In the Spallation Neutron Source, the mercury in the stainless steel target vessel experiences cavitation due to intense pressure waves produced by the almost instantaneous heating of the mercury following proton impact on the target. To protect the vessel walls from cavitation erosion, helium micro bubbles can be added to the mercury to act as attenuators of the pressure waves and to minimize cavitation effects. A diagnostic method is needed to monitor the gas injection technique and to measure the bubble size distribution. This project will develop an acoustic diagnostic tool that can meet the bubble size and void fraction requirements of the Spallation Neutron Source application. To enable use of larger amplitude acoustics waves and overcome excessive damping in the bubbly mixture, a non-linear acoustic theory and an intelligent artificial neural network using a priori knowledge from the acoustic theory will be used to extract bubble size distribution from acoustic data. Both acoustic wave transmission and reflection methods will be investigated and used to enable measurement at a range of void fractions that are often encountered in two-phase flow applications. During the Phase I study, significant progress was made in extending the capabilities of the acoustic bubble spectrometer hardware for a wider range of bubble sizes and void fractions, and in adapting it for the DOE mercury application. A non-linear bubble dynamics model that extends the linear theory utilized in the present spectrometer was developed and demonstrated. The feasibility of using a neural network based inverse problem solver to measure bubble size distribution was demonstrated using both synthetic and experimental data. The feasibility of using reflection waves to measure bubble size distribution and void fraction was also demonstrated; and theoretical formulations to interpret reflected sound wave signals to use in the inverse problem solver development were initiated. In Phase II the hardware of the spectrometer will be further improved to upgrade high frequency signal generation (for smaller bubble size measurements) and lower frequency hydrophones (for large bubble size measurement); and better designed integrated hydrophone for reflection tests. This will enable development of high fidelity databases for training and validating the neural network based spectrometer. The 3-D nonlinear acoustic model will be expanded to simulate practical geometries encountered in spectrometer operation and provide databases for training and testing the neural network in regimes where linear acoustic theory does not apply. Finally, the acoustic reflection method initialized in Phase I will be further developed, tested, and implemented in the new generation acoustic bubble spectrometer being developed. Commercial Applications and Other Benefits: A marketable acoustic instrument capable of measuring a wide range of bubble sizes and void fractions will be a valuable tool for diagnostics and control of numerous multi-phase flow and liquid metal applications. Successful development of the proposed instrument will have wide commercial and scientific applications and benefits. In addition to the Spallation Neutron Source application, the instrument will find applications in oceanographic, biological, chemical, pharmaceutical, energy, and other industries.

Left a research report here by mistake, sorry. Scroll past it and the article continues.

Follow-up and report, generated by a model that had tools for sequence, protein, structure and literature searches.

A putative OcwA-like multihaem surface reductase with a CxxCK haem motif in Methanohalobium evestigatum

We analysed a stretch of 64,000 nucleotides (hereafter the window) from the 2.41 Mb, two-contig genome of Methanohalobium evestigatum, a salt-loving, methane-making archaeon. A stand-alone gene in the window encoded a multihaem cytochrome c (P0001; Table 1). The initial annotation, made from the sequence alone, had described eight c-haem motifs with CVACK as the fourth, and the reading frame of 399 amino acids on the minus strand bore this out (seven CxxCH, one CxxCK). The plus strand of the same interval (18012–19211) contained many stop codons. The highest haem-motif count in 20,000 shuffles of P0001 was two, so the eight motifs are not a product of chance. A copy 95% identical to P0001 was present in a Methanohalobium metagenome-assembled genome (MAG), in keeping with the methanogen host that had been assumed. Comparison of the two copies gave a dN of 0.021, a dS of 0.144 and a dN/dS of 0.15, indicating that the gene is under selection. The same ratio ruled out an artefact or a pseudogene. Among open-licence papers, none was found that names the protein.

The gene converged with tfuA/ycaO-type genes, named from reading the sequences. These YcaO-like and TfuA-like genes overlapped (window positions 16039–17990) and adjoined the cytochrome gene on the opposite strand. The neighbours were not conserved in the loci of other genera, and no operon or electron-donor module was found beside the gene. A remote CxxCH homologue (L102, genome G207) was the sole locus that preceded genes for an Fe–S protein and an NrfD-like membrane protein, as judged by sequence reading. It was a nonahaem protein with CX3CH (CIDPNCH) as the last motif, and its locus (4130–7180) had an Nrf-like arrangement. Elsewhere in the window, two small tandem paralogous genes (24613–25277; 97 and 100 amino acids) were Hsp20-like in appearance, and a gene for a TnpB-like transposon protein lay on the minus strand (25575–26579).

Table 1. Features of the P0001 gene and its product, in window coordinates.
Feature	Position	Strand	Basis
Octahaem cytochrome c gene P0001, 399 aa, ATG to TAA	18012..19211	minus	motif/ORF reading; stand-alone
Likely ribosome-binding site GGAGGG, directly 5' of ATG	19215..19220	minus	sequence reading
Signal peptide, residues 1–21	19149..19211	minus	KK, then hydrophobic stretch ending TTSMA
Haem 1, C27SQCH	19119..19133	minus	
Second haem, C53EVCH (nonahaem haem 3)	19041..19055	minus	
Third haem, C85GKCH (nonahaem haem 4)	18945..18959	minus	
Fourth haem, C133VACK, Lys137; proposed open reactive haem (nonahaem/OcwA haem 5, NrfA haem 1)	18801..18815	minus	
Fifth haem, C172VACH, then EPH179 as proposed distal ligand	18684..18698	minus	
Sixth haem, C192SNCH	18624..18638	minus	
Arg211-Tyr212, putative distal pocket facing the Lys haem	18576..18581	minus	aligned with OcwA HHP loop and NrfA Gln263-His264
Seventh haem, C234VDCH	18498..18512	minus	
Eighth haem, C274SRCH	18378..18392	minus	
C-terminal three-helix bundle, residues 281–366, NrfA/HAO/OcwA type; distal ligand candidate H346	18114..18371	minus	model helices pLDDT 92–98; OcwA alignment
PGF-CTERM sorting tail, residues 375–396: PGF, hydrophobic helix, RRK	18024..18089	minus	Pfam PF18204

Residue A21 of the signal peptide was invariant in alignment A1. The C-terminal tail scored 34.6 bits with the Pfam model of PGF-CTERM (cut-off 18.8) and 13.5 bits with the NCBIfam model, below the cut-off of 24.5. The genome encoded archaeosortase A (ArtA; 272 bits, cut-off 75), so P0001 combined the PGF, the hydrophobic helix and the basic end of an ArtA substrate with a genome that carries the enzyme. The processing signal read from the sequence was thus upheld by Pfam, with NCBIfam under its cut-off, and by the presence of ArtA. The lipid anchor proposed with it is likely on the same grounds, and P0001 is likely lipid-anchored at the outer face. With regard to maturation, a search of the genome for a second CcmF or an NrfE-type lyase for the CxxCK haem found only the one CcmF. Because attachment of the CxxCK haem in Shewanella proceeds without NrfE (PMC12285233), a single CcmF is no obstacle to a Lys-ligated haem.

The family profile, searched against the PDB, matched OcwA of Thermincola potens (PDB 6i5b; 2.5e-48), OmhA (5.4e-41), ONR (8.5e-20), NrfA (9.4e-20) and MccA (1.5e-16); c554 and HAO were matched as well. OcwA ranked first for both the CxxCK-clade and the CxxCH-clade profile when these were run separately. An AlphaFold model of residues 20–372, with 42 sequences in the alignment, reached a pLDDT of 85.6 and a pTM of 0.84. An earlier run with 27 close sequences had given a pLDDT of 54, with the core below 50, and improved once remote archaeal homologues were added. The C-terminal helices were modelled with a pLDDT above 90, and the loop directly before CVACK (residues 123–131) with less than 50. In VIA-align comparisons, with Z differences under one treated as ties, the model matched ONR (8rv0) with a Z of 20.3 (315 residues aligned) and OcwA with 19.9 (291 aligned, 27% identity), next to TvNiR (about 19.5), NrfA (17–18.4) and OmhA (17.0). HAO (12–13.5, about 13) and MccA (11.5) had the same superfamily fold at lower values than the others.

Grant